Manitoba byelection called in St. Boniface, riding of former NDP premier Greg Selinger

Voters in St. Boniface will go to the polls July 17 for a provincial byelection.

Candidates include Liberal Dougald Lamont, New Democrat Blandine Tona, Progressive Conservative Mamadou Ka

Liberal Dougald Lamont, Progressive Conservative Mamadou Ka and New Democrat Blandine Tona are the candidates in the July 17 byelection for MLA in the St. Boniface constituency. (CBC)

Manitoba Premier Brian Pallister called a byelection Tuesday for the St. Boniface seat in Winnipeg — a long-time NDP stronghold that the Liberals hope to steal with their new leader.

The July 17 vote will fill a seat that has been vacant since former NDP premier Greg Selinger resigned in March. Selinger held the constituency with strong voter support since 1999, although the area voted Liberal prior to that and is represented federally by the Liberals.

One political analyst said the mid-summer contest is likely to attract low voter turnout and the Opposition NDP, represented by Blandine Tona, likely has an edge.

"The NDP, with an organized labour workforce and some core supporters in the constituency from the days of Greg Selinger ... should have an advantage on the organizational level," said Paul Thomas, professor emeritus of political studies at the University of Manitoba.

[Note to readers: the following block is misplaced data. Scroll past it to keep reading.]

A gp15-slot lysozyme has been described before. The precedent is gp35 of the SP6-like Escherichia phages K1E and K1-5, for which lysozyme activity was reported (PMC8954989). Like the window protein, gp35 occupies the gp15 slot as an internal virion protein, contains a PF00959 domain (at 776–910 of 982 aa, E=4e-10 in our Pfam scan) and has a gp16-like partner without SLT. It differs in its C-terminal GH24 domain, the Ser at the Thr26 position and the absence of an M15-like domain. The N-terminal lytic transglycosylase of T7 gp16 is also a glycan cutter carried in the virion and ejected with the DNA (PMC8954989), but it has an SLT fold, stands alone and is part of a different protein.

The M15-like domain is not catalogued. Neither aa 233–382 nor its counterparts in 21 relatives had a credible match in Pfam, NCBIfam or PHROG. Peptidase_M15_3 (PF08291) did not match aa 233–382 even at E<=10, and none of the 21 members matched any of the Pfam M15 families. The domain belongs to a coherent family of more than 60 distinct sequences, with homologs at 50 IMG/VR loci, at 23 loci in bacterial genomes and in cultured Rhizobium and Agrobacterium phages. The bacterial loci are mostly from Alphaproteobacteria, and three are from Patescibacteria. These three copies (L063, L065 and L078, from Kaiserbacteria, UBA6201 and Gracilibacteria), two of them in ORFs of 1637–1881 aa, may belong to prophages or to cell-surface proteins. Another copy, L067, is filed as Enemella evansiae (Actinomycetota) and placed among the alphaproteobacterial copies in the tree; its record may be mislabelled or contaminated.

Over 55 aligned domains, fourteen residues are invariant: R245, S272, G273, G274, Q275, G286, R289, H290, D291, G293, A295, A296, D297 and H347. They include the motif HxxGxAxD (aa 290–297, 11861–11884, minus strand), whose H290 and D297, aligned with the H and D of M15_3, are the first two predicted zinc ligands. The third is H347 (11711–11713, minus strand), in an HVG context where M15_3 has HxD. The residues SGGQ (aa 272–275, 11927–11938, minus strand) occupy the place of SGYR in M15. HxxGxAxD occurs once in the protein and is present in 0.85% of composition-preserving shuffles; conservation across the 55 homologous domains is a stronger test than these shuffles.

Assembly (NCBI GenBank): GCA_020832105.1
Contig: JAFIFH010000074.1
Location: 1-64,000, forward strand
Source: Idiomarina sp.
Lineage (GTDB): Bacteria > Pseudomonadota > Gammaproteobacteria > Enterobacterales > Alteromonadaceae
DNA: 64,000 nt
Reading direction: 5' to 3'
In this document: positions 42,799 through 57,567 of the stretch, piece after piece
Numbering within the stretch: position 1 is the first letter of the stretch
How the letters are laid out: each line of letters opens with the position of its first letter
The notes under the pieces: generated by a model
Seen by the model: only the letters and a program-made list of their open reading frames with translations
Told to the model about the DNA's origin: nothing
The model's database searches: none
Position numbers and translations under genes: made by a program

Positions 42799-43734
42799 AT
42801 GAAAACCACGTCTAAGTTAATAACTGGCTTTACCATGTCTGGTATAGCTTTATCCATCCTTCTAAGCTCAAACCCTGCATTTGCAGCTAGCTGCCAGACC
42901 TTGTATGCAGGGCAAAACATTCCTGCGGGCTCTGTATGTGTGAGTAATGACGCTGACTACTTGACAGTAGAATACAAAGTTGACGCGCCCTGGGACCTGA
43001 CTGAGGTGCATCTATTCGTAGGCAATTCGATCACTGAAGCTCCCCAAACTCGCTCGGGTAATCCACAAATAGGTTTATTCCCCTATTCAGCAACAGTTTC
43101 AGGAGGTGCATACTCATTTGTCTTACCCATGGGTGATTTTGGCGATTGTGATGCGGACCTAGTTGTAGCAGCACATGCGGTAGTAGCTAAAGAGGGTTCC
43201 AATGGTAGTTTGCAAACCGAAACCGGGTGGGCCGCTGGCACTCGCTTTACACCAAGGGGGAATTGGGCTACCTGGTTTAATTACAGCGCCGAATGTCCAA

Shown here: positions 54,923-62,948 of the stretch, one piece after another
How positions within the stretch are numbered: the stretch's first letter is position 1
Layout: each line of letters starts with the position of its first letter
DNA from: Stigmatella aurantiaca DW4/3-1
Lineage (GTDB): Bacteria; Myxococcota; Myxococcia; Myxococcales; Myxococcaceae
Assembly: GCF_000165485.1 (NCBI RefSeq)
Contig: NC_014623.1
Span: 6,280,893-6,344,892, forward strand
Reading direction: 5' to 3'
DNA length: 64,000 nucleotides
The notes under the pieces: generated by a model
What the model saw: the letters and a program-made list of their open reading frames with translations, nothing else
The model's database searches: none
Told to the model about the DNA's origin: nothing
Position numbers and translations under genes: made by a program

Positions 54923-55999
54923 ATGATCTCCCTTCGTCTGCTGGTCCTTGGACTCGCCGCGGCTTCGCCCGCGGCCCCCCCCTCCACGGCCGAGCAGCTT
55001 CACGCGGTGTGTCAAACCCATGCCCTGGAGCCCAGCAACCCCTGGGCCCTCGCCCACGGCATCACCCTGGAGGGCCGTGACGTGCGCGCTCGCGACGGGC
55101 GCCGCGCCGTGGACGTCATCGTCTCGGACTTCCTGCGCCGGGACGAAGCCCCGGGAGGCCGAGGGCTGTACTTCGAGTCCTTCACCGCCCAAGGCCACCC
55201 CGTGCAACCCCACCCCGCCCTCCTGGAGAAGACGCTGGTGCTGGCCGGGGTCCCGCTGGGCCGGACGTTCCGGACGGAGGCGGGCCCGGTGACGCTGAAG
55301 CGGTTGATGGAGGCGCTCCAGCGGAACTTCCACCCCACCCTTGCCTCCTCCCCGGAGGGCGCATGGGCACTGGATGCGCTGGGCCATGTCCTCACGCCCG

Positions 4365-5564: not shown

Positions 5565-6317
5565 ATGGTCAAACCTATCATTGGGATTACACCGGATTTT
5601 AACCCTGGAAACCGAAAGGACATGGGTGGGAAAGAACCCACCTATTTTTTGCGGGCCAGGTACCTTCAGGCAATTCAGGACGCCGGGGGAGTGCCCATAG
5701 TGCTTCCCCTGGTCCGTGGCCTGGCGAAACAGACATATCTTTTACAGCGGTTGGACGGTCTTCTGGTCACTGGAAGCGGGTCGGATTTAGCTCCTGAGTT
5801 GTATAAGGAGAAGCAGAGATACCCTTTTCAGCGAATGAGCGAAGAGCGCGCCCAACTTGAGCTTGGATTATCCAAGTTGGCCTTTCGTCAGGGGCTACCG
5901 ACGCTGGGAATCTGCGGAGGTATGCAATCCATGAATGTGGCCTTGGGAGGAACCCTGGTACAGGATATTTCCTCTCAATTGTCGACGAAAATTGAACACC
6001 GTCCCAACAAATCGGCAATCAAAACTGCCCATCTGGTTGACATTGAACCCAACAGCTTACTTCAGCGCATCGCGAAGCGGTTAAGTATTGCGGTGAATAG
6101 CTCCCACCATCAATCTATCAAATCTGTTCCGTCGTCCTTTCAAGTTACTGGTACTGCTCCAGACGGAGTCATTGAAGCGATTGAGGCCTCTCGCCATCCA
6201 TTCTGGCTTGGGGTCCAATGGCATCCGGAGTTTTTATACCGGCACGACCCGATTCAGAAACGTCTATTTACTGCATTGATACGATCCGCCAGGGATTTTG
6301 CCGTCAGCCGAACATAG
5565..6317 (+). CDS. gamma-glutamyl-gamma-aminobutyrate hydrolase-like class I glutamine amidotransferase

The Liberals have the most to gain in the byelection. Dougald Lamont, elected party leader last year, is running and a win would give the Liberals a fourth legislature seat — enough for official party status and the funding that comes with it.

"That would gain them some resources, that would give them some profile," Thomas said.

The Progressive Conservatives are being represented by Mamadou Ka, who ran for the seat in the last election and finished second behind Selinger with 25 per cent of the vote.

The Green Party, which garnered 12 per cent of the vote in 2016, has nominated Francoise Therrien Vrignon this time.

Both the Liberals and NDP are working to show voters they have rebounded from the 2016 election, Thomas said.

The NDP won a byelection in the Winnipeg constituency of Point Douglas — a party stronghold — last year, but it was by the slimmest margin in that seat in decades. The party has struggled to raise money and only paid off its election debt at the end of last year.

The Liberals also face financial hurdles and recently saw five key members resign, including the party president, fundraising director and election readiness chairperson.

The byelection outcome will have little or no effect on the Tory majority in the legislature. The governing party has 39 seats, the NDP has 12, the Liberals have three and there are two Independents.